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scrounge: /skrounj/ informal verb: to actively seek [books] from any available source

I really enjoyed the soft and colorful illustrations in Joy even before reading the story, but I loved the story itself just as much. 

Fern's Nanna has been acting tired and less energetic lately -- it seems the joy has gone out of her life. Without getting into all the "adulty" explanations about aging and mental health, we simply watch Fern as she tries to physically capture joy in her determined, child-like way. As the reader likely expects, this doesn't work, so Fern tells her Nanna about her troubles. She learns that she can help bring joy to her Nanna by just being herself.

I loved the sweetness and concern that Fern displays for her Nanna, and that in the end, even though she can't fix all of her Nanna's problems (which aren't explained here), she can still help her to experience some joy in the midst of hardship. A very sweet and encouraging book.

(Thanks to NetGalley for the review copy.)

Format: Kindle
Author: Corrinne Averiss
Illustrator: Isabelle Follath
Pages: 32
Content Advisory: None

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James Herriot is unparalleled when it comes to stories of domesticated animals -- whether dogs and cats in homes or various farm animals -- and his keen observations and clear love and respect for animals.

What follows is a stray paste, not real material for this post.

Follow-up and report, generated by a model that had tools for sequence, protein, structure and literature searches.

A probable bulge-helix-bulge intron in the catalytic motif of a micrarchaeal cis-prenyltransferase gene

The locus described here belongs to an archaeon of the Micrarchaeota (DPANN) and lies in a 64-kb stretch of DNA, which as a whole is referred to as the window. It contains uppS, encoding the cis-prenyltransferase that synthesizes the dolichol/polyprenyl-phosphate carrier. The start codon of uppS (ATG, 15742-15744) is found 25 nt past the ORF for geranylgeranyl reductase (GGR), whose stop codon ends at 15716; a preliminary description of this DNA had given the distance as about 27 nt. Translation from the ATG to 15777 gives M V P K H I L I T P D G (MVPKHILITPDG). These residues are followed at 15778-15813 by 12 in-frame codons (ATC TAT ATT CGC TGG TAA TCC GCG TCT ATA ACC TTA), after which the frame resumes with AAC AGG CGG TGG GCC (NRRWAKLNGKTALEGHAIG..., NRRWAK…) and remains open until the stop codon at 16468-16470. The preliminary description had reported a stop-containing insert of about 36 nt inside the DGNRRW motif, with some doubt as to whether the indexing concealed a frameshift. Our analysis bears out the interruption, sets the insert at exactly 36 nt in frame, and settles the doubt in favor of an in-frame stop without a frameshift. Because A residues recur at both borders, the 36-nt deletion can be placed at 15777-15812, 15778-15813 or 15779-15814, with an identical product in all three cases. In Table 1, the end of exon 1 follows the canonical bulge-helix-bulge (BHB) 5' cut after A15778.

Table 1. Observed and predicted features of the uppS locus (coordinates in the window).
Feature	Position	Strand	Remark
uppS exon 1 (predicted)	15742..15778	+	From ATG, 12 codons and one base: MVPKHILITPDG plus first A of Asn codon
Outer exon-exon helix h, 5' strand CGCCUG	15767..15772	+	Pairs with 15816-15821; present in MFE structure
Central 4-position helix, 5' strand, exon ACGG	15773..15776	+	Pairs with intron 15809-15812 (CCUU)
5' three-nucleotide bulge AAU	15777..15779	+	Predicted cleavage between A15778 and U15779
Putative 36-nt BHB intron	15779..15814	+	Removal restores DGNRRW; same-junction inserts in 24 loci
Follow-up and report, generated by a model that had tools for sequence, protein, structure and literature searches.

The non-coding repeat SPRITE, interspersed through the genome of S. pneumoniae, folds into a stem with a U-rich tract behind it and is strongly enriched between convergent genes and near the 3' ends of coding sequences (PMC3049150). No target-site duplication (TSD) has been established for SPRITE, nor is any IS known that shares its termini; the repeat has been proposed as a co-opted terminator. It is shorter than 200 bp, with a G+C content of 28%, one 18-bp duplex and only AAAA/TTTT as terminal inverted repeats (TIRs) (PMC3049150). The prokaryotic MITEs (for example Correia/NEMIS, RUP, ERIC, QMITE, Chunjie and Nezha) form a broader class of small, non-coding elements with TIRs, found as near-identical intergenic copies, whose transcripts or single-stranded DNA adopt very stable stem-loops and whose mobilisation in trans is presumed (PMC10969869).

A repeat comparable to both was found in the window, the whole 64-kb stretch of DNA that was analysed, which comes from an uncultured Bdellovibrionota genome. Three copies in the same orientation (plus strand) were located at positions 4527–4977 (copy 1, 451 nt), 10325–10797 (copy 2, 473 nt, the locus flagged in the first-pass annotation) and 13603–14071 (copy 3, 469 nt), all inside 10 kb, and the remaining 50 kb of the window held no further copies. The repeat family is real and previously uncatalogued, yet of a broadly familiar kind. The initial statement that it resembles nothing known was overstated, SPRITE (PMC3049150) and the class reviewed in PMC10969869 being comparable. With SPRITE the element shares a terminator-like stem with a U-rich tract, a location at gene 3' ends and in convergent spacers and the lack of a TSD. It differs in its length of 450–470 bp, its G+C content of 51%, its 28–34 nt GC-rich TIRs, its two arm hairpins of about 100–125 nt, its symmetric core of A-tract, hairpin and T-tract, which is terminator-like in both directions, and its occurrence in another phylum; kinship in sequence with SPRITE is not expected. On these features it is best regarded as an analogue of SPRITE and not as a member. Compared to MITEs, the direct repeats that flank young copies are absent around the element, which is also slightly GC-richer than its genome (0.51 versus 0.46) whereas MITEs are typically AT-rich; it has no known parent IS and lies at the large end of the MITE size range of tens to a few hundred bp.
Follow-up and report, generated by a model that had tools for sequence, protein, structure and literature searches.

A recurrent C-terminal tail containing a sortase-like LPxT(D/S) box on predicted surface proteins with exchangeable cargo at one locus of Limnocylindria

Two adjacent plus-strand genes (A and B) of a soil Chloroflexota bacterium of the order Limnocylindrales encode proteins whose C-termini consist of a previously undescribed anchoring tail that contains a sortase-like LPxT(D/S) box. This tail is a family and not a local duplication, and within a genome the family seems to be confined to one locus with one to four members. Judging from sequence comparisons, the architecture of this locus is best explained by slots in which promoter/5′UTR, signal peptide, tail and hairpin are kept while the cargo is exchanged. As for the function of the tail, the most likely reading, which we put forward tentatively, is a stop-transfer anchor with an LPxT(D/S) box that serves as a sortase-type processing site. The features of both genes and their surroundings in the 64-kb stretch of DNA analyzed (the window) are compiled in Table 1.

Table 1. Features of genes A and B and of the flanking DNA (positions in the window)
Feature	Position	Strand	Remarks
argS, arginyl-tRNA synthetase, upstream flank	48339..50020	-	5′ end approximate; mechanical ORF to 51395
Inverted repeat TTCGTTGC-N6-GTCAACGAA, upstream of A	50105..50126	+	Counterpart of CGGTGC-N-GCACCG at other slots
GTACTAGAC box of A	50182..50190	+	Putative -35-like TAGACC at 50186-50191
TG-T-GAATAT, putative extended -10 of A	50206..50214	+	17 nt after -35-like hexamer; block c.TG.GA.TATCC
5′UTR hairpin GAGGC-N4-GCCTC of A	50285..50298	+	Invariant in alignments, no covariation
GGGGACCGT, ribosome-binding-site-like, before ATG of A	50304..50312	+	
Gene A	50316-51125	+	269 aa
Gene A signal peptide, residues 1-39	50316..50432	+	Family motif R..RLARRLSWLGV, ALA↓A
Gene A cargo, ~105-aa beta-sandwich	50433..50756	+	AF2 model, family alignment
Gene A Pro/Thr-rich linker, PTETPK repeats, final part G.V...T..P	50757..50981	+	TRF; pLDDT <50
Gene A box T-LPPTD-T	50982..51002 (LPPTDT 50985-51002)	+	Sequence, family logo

While the stories in James Herriot's Treasury for Children are fictional, all of them feel to me as if they easily could be true, and no doubt he drew heavily on his veterinary experiences in describing these unique animals and their amusing and tender escapades. 

Herriot manages to capture the human-animal bond, even with farm animals, evoking compassion, joy, and sometimes sadness, without sentimentalizing or emotionally manipulating the reader.

I grew up reading "Oscar, Cat-about-Town" and "The Christmas Day Kitten," both of which are included here, and was also introduced to some new favorites, such as "Blossom Comes Home" and "Smudge, the Little Lost Lamb." The illustrations perfectly capture the animals, people, and the views of the beautiful British countryside.